Toronto’s Ontario Line project promotes | So Good News


Written by

Marybeth Luczak, Managing Editor

Connect 6ix rendering showing early concept design for the planned 9.7-mile Ontario Line in Toronto, Canada.

Connect 6ix rendering showing early concept design for the planned 9.7-mile Ontario Line in Toronto, Canada.

Connect 6ix has been awarded the C$9 billion contract for the Ontario Line Rolling Stock, Systems, Operations and Maintenance (RSSOM) package, Canada’s Infrastructure Ontario and Metrolinx reported Nov. 17.

Connect 6ix, which was selected in September as the preferred proponent team, will design, build, finance, operate and maintain the RSSOM suite for a 30-year period. The contract includes C$2.3 billion for capital costs and C$6.7 billion for short-term construction financing and transaction costs; train costs; and 30 years of operation and maintenance, life cycle and long-term financing.

The 9.7-mile (15.6-kilometre) Ontario Line is a planned Toronto Transit Commission (TTC) rapid transit line connecting the Ontario Science Center and Exhibition/Ontario Place. The stand-alone line, half of which will be underground, will include 15 stations and more than 40 connections to other transit routes, including GO Transit lines, existing TTC subway and streetcar lines, the under-construction Eglinton Crosstown Light Rail Transit and bus services (see the map below).

Connect 6ix consists of lead applicant Plenary Americas, Hitachi Rail, Webuild Group (Salini Impreglio Canada Holding Inc.) and Transdev Canada Inc.; design team of Hitachi Rail and IBI Group Professional Services (Canada) Inc.; the construction team of Hitachi Rail, Webuild Group (Astaldi Canada Design & Construction Inc. and Salini Impreglio Civil Works Inc.), and NGE Contracting Inc.; operations, maintenance and rehabilitation teams of Hitachi Rail and Transdev Canada Inc.; and financial advisors National Bank Financial Inc. and Sumitomo Mitsui Banking Corporation.

The scope of work includes:

• Design, deliver, operate and maintain the rolling stock (trains). According to Hitachi, the trains will have onboard Wi-Fi, digital passenger information screens, charging points, dedicated bicycles, dual wheelchair areas, interconnected (connected) cars, heating and cooling throughout, doors that open in sync with the platform. -side doors (screen) and regenerative braking. Wi-Fi access, passenger information screens and platform edge doors at all Ontario Line stations will also be provided, Hitachi said.

Connect 6ix rendering showing early concept design for the Ontario Line.

• Design, build, operate and maintain all tracks and systems (communication and train control). According to Hitachi, the line will be equipped with the latest communication-based train control (CBTC) technology.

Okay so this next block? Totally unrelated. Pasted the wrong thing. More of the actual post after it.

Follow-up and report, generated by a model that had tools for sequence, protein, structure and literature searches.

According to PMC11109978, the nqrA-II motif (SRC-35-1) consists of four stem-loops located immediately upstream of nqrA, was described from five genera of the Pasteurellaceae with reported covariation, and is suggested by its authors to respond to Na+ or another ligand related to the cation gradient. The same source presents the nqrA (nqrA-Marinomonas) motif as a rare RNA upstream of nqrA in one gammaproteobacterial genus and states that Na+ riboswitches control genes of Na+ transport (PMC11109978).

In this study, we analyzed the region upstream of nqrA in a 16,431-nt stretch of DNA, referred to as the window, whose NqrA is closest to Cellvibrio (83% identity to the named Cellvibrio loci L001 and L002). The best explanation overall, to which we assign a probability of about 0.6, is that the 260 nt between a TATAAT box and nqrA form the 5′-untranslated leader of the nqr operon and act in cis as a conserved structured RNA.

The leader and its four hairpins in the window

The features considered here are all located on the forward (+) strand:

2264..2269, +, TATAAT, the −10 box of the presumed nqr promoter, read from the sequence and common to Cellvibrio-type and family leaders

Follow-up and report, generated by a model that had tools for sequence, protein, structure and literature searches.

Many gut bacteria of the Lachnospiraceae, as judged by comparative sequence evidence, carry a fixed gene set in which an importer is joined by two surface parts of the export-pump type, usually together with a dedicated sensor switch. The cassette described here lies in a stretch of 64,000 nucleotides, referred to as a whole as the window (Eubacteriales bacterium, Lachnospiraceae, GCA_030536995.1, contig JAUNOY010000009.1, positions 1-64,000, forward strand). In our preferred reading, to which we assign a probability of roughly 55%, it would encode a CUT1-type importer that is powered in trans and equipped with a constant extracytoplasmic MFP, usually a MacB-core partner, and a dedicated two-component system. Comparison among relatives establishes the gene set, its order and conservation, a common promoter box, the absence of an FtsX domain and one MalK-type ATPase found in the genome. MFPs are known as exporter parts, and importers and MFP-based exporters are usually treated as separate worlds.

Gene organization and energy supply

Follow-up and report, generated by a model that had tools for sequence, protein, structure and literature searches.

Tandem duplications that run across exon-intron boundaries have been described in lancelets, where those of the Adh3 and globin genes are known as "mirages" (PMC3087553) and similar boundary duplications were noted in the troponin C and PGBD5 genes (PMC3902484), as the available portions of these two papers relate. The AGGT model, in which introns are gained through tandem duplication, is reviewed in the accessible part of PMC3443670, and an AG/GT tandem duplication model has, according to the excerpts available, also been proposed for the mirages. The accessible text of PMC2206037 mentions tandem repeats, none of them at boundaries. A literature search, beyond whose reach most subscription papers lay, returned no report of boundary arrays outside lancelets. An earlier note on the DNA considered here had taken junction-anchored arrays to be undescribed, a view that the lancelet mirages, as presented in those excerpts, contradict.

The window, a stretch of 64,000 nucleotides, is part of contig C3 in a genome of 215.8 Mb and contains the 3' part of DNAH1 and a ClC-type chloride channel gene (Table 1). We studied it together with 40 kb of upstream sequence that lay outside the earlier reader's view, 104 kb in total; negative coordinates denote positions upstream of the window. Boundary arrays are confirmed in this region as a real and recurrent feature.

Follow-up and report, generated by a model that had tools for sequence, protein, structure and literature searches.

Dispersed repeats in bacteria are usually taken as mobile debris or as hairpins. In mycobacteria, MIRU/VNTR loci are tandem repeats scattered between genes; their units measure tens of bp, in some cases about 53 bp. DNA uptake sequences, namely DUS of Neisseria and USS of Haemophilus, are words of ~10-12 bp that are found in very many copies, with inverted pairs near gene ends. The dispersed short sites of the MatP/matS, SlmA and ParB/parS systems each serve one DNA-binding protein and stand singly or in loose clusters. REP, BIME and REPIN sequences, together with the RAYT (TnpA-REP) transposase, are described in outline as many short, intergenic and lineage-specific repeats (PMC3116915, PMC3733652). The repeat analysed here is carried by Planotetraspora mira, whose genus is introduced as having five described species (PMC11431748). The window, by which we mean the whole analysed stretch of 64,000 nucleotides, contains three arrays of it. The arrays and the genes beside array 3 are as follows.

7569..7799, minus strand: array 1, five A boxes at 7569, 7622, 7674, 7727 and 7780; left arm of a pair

• Design, build, operate and maintain the maintenance and storage facility (where the trains are stored) and the operations control center (where staff control train operations and are connected to the TTC and GO Transit systems) and reserve operations control center.

• Work with TTC in accordance with future operation and maintenance agreements.

• Integration of fare equipment with the PRESTO system.

Hitachi Rail Group CEO Andrew Barr said on 18 October Railway age that the company was hopeful that Connect 6ix would be awarded the contract. Hitachi, at the time, had released the final designs for its $70 million rail car manufacturing facility and test track in Washington County, Md. First on the production line when completed in early 2024: an 8000-series rapid transit vehicle fleet for the Washington Metropolitan Area Transit Authority (WMATA). It can also produce Ontario line trains. Expressing excitement at winning the contract, Barr said in October: “[I]it is a great opportunity for us. I think for Maryland to have that continuation [of work on the Ontario Line cars] is a great story, so you can continue that production.”

The Connect 6ix team will begin work in 2023, and the project will conclude in 2031, according to Infrastructure Ontario and Metrolinx. Once all the civil infrastructure elements and systems from the Ontario Line North and South segments are completed, integrated and certified, Connect 6ix will then begin operating and maintaining the Ontario Line for a 30-year period.

Infrastructure Ontario and Metrolinx earlier this month awarded a fixed-price contract to Ontario Transit Group for the Ontario Line Southern Civil, Stations and Tunnel (South Civil) package.

The scope of work includes:

  • A 3.7-mile (6-kilometer) tunnel and associated tunneling works from the Exposition to the Don Yard portal (west of the Don River).
  • Groundwork required to build the tunnels and stations; tooling and wiring to prepare the mechanical and electrical systems; and guideway structures and facilities to prepare the track structure to be installed by the RSSOM contractor (Connect 6ix).
  • Stations: An above-ground station to be integrated with the existing GO Transit Exhibition Station; two subway stations to be integrated with the existing TTC Osgoode and Queen subway stations; and four new tube stations (King/Bathurst, Queen/Spadina, Moss Park, Corktown).

The C$10.9 billion Ontario Line project is being delivered via various contracts, procured through P3 and traditional procurement models, according to Infrastructure Ontario and Metrolinx.

Artist’s rendering showing an aerial view of the Ontario Line’s Exhibition Station on Toronto’s west side. (Photo courtesy of Metrolinx)


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